>>     one server
>>      > (configuration issues) but is on the other. On the server with
>>     pdns-recursor
>>      > running, each master record has a corresponding "in-address.arpa"
>>     entry. I'm
>>      > still working on that for the other server. Neither server,
>>     however, is
>>      > experiencing resolution issues with the domains not associated
>>     with these in
>>      > question.
>>      >
>>      > So, that all said, I have a few questions that might be a source
>>     of some
>>      > issues:
>>      >
>>      > 1) I've taken the extra step of creating an "A" record for each
>>     NS in the
>>      > domain's DNS settings on the registrar's site as well as updating
>>     the other
>>      > records for the domain in the registrar's DNS as well, thinking
>>     that may
>>      > help. Will that affect the SOA records?
>>      > 2) Do the changes I've made to the master records, i.e., changing
>>     the IP
>>      > address of the NS several times before deciding on a final
>>     configuration,
>>      > cause such problems? (The NS for my websites, which have totally
>>     different
>>      > NS, in part, so we don't have these issues with them, have been
>>     'cast in
>>      > stone' for several weeks and haven't changed so they're resolving
>>      > correctly.)
>>      > 3) My understanding is that mysql acts as recursor when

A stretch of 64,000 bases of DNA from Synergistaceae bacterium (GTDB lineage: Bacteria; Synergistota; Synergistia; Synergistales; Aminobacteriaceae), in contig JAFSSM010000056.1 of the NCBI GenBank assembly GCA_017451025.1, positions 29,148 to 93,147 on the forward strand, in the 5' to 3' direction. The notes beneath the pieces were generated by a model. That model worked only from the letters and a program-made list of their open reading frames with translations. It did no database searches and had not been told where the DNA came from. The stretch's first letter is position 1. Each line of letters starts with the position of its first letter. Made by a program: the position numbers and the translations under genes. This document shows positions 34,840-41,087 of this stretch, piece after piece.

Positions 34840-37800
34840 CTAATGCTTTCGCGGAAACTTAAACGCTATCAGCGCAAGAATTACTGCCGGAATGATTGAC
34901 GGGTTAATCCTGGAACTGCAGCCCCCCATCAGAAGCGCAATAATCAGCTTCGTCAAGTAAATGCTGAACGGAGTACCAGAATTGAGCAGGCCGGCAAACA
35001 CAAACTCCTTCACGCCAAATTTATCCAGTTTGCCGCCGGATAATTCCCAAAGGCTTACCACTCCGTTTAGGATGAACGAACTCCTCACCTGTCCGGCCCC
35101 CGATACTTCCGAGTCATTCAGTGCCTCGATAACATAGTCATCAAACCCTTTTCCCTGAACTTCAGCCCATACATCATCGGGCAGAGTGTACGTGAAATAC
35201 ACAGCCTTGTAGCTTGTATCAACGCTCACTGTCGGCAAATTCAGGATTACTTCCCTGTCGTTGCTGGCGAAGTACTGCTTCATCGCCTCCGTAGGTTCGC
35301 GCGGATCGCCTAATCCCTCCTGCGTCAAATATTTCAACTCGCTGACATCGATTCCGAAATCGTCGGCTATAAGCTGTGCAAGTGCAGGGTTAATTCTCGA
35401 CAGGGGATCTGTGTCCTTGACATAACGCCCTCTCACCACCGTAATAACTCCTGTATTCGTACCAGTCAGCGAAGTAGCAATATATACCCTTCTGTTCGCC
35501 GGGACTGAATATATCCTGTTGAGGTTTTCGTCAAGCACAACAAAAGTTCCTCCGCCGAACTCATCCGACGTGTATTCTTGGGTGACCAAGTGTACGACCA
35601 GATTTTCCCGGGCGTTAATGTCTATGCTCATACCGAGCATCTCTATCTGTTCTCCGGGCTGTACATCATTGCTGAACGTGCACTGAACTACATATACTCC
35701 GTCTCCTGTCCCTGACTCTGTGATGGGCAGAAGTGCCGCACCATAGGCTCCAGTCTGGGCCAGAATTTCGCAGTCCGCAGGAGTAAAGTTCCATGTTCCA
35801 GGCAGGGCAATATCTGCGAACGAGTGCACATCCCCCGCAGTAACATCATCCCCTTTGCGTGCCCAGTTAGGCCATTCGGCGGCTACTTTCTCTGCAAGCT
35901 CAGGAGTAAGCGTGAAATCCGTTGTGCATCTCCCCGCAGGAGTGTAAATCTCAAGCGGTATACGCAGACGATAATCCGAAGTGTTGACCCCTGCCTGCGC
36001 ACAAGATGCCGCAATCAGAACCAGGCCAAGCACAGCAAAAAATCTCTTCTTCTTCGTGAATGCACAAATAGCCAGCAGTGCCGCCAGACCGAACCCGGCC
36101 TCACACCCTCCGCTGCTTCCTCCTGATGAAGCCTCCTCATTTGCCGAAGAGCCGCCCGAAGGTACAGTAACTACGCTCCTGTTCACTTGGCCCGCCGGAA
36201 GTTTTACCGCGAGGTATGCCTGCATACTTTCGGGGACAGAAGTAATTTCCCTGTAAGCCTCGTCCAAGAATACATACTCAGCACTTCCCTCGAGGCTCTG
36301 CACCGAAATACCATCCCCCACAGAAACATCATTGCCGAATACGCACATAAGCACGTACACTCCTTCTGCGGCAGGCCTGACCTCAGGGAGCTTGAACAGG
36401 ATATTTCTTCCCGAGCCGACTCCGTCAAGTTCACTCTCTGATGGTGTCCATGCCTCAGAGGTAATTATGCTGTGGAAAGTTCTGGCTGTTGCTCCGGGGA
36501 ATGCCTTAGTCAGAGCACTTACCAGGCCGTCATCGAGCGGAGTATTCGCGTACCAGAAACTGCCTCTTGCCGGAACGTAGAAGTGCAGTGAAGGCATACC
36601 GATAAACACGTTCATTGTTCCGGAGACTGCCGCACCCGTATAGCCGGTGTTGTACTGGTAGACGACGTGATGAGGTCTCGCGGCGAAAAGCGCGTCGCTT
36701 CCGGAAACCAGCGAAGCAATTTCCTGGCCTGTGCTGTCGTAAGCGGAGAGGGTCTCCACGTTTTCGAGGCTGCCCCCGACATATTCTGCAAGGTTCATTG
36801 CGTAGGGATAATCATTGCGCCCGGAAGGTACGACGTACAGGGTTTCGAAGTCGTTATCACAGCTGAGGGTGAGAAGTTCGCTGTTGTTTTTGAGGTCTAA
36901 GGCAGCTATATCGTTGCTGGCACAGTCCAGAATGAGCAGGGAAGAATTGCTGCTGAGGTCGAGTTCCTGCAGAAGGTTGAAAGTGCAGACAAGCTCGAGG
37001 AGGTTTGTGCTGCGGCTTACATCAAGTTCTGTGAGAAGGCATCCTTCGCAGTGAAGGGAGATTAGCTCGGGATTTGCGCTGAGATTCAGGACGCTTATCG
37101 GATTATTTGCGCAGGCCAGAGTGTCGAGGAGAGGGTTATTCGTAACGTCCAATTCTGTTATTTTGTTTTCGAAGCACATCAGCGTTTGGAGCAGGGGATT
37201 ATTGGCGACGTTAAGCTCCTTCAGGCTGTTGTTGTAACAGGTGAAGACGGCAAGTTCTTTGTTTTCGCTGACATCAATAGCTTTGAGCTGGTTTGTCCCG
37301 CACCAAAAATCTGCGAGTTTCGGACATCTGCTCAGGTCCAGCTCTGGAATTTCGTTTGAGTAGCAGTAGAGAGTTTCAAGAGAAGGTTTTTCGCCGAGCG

>>     pdns-recursor. How
>>      > can I tell if the records in mysql are correct? (I've looked at
>>     the records
>>      > via Webmin but they don't contain full record entries or have IP
>>     numbers
>>      > associated, so I can't tell how accurate they are.)
>>      > 4) How does pdns-recursor and rDNS configuration affect
>>     resolution? Could
>>      > that be part of the issue?
>>      >
>>      > Finally, I've done searches online and found that others have
>>     this issue
>>      > with EU-based registrars. Ostensibly, this is to prevent NS
>>      > misconfiguration. But, I'm finding pdns is pretty good at that so
>>     I'm not
>>      > understanding the problem. But, since I have three more domains
>>     with this
>>      > registrar, I've got to so I can fix it. Please provide your
>>      > solutions-oriented assistance in trying to ressolve this issue so
>>     we can use
>>      > our own NS for our mail/webmail servers.
>>      >
>>      > If you've read this far, thank you and I look forward to your help.
>>      >
>>      > Sasha
>>     Hi Sasha,
>>     Thank you for the detailed description, but I think that the problem
>>     is described correctly by the error message you received from your
>>     domain registrar:
>>        your nameservers have different SOA records (paraphrasing)
>>     All nameservers for a domain, by definition should have and serve
>>     identical content. I think that once you fix this inconsistancy it
>>     will all work.
>>     Regards,
>>     Ken